UAF has many traditions, I’m sure, but the one best-known by the bulk of the student body is Starvation Gulch. Starvation Gulch occurs on a Saturday at the end of September every year, and involves a great deal of fire.
Six bonfires are constructed to one side of the Taku parking lot by different teams. They have to be within certain dimensions, include no spray paint, and follow a few other rules which are in place for safety reasons. The fire fighters light them over the course of about 15 minutes, starting at one end. Whichever team whose flame burns highest gets to take the trophy home and display it proudly until next year.
Ash and Patti offered to bring me and my stuff up to Fairbanks because they’d been considering a trip up to Chena Hot Springs anyway. I found the idea quite pleasing — not only is Patti’s car much younger and in much better shape than Dad’s car (he’d offered to drive me up, as well), spending the night at Chena with Ash and Patti sounded like great fun.
And it was. The road trip up was considerably less exciting than the one we took to Juneau, of course. Not only have all three of us previously traveled this road on numerous occasions, none of us are particularly fond of Fairbanks and Ash turned out not to be in the mood for a road trip anyway.
As I mentioned in an earlier post, one of the locals in Juneau directed me to a nearby abandoned mine a short walk away from downtown. The walk was uphill, but pleasantly so, and getting there was well worth the trek. The place is sweet. Daryl and Mike told me later on the ferry ride back to Haines that this mine was bombarded by fire from battleships in the harbor when they closed it. To this day, there’s a lot of crumbled concrete and piles of sheet metal and other scraps laying about.
Downtown Juneau is tourist country. It’s as bad as Hawaii in that respect — you step off the cruise ship to face narrow streets overloaded with tiny shops catering to people with money to burn. It thins out a bit as you get away from the docks, but there’s still a tattoo parlor right around the corner from another tattoo parlor and two or three places serving gelato and coffee within five minutes of each other.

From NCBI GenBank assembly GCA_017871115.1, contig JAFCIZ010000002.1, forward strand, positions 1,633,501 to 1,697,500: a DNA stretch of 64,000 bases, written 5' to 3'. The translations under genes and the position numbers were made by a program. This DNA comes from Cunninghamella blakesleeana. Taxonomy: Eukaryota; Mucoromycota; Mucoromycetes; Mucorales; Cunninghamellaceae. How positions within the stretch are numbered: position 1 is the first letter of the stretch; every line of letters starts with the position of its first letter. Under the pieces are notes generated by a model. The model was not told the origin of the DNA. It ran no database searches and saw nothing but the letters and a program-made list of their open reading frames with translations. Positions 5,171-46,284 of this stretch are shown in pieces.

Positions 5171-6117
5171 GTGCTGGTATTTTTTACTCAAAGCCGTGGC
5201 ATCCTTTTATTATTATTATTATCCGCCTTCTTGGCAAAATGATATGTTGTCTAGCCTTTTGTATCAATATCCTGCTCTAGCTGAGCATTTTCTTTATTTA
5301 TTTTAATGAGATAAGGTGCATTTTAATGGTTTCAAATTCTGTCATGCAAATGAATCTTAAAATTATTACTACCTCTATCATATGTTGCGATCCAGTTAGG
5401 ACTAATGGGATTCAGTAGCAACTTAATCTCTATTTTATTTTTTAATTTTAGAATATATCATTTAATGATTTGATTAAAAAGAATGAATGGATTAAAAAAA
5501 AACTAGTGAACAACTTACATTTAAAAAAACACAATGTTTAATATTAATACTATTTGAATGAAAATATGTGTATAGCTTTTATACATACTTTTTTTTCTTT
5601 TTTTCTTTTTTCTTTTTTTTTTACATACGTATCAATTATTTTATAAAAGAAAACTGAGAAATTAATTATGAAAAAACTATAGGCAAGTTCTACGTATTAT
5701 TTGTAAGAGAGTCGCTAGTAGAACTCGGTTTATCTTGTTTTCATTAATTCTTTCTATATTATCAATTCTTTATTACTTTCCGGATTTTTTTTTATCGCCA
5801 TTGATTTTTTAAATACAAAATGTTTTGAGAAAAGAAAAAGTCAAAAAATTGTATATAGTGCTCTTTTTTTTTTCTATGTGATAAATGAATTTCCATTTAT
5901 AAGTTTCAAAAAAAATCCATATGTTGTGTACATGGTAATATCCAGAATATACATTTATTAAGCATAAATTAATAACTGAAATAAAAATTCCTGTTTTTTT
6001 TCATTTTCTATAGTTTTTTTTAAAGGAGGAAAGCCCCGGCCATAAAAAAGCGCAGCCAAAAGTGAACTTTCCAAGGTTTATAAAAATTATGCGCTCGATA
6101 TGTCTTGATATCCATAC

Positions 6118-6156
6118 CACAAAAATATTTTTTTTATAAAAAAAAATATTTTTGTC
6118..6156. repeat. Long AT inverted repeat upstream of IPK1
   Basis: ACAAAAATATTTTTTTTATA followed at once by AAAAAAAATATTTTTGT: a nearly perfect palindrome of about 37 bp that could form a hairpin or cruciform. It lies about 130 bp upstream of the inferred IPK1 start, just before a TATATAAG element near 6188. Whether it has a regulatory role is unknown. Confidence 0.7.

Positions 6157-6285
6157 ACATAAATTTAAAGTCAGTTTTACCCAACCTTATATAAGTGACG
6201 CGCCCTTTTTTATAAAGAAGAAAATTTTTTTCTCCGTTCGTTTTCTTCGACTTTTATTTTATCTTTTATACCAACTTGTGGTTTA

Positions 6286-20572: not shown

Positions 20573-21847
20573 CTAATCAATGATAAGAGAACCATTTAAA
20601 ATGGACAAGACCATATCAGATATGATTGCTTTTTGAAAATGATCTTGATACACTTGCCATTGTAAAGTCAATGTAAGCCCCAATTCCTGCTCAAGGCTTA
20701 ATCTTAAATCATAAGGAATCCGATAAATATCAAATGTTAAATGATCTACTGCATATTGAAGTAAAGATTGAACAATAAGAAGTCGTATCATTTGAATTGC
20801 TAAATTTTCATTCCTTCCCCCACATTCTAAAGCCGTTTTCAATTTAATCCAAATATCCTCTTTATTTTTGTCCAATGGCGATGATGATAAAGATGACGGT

The last day we were in Juneau, Kyle was giving wedding guests free zip line tours. I am over the weight limit the company imposes, so I spent the morning walking around the downtown Juneau area.
You win some, you lose some — I hadn’t gotten the chance to take my camera for a walk the day before, so I was glad of the opportunity to do so, even though the rain made photography interesting. In retrospect, I’m glad I was unable to take the zip line tour. I may be unwilling to go on dangerous urbex excursions to the top of condemned and half-fallen-apart buildings, but exploring active urban areas and standing outside the dangerous ones is entirely up my alley.
Speaking of alleys, check out this one:
That’s right, folks, it has a street sign and a mailbox. And if you look up the alley itself, all you see is a staircase going straight up the mountain side.
Ash, Patti, and I got into Haines near midnight. We’d spent all day driving across Canada, and since Patti had slept poorly for the previous few nights, she was tired and wanted to get a hotel room. We drove around for a bit, trying to find the best deal in town, and discovered that there was only one deal in town. We literally got the last vacant room in Haines.